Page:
If a dentist has recommended you have your wisdom teeth removed, you probably have some questions you would like answered before scheduling the extractions. The prospect of oral surgery may seem rather scary at first, but we are here to provide you with both clarity and comfort as you contemplate the “what” and “why” of wisdom teeth removal. Here are some of the most frequently asked questions our office receives:
Q. Why do I have wisdom teeth if I don’t need them?
A. Wisdom teeth helped our early human ancestors chew and dissect the tougher foods that were a typical part of their diet. Fossil records also indicate that ancient human jaws were larger than ours, leaving more room for these “third molars.” The bottom line is that as our diets have evolved and our jaws have gotten smaller, wisdom teeth are no longer a tool that we rely upon. In fact, they can often do more harm to our mouths than good these days.
Q. Why do my wisdom teeth need to be removed?
A. Wisdom teeth removal is often recommended to prevent an array of potential oral health problems. For example, leaving your wisdom teeth in place can lead to impaction. Impaction occurs when there is not enough space inside your mouth to accommodate emerging teeth, causing them to grow in at an angle. These impacted molars can cause tooth crowding and discomfort, and potentially lead to plaque build-up and periodontal disease.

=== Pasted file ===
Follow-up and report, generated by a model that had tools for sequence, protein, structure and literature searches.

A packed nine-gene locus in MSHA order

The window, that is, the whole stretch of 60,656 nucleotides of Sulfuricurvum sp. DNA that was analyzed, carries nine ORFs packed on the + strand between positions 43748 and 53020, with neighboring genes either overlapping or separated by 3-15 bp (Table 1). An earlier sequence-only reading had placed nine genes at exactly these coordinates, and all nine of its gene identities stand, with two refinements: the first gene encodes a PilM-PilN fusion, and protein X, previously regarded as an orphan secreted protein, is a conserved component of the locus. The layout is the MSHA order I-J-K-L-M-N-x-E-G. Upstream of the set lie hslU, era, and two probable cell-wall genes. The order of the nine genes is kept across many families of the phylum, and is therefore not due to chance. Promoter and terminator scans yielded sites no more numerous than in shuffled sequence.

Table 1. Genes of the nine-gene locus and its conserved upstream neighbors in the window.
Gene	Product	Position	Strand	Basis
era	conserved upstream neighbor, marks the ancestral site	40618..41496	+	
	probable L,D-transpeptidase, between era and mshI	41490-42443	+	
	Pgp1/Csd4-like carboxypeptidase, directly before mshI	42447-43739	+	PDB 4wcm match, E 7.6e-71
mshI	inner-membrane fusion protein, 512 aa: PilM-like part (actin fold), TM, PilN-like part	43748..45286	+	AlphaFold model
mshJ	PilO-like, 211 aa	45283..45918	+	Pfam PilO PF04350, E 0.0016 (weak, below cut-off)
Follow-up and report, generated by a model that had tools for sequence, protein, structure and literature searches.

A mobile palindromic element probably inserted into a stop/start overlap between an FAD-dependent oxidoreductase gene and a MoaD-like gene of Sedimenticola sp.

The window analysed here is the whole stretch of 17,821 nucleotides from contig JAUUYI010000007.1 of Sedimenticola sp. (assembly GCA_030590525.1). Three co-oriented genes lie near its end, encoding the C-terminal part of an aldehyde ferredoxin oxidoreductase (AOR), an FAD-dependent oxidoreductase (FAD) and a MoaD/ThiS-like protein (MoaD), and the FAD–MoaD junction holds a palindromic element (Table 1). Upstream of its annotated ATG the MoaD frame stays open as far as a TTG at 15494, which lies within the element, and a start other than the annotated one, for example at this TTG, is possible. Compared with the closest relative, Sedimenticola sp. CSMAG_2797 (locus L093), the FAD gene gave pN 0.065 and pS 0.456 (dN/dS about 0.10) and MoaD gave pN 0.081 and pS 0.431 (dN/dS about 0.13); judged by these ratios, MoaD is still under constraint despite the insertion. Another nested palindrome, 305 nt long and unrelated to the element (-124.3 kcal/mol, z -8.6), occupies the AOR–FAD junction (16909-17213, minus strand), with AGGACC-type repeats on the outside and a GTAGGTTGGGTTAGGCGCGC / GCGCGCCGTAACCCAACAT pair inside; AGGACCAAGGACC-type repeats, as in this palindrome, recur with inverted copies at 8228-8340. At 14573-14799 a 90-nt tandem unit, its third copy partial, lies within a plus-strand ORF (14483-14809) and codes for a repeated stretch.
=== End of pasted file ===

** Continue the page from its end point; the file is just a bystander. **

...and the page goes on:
Q. When should I have my wisdom teeth removed?
A. According to the American Association of Oral and Maxillofacial Surgeons , wisdom teeth removal usually occurs during your high school years or when you are a young adult (between the ages of 17 and 25). If you wait too long, the tooth root will continue to grow leading to potential nerve damage and other complications. However, each person is unique and your needs may vary.
Q. Are there circumstances when it’s okay to keep your wisdom teeth?
A. Our Carrollton oral surgery office will work with you to determine whether or not your wisdom tooth removal can be delayed. If there is enough room in your mouth to allow your wisdom teeth to erupt properly without impaction or damage to surrounding teeth, then it may be acceptable to consider leaving them in place. However, your wisdom teeth will need close monitoring to ensure that no changes occur that could cause harm to your other teeth. Our team will discuss this option with you during your exam.
Wisdom teeth removal is a very common procedure that millions of people undergo each year. For many young adults, it’s almost a right-of-passage. Doing your homework and talking to your dentist can provide you with confidence and peace of mind as you determine if wisdom teeth removal is right for you.
If you still have unanswered questions or if you would like more information, please contact our oral surgery office today to schedule an evaluation.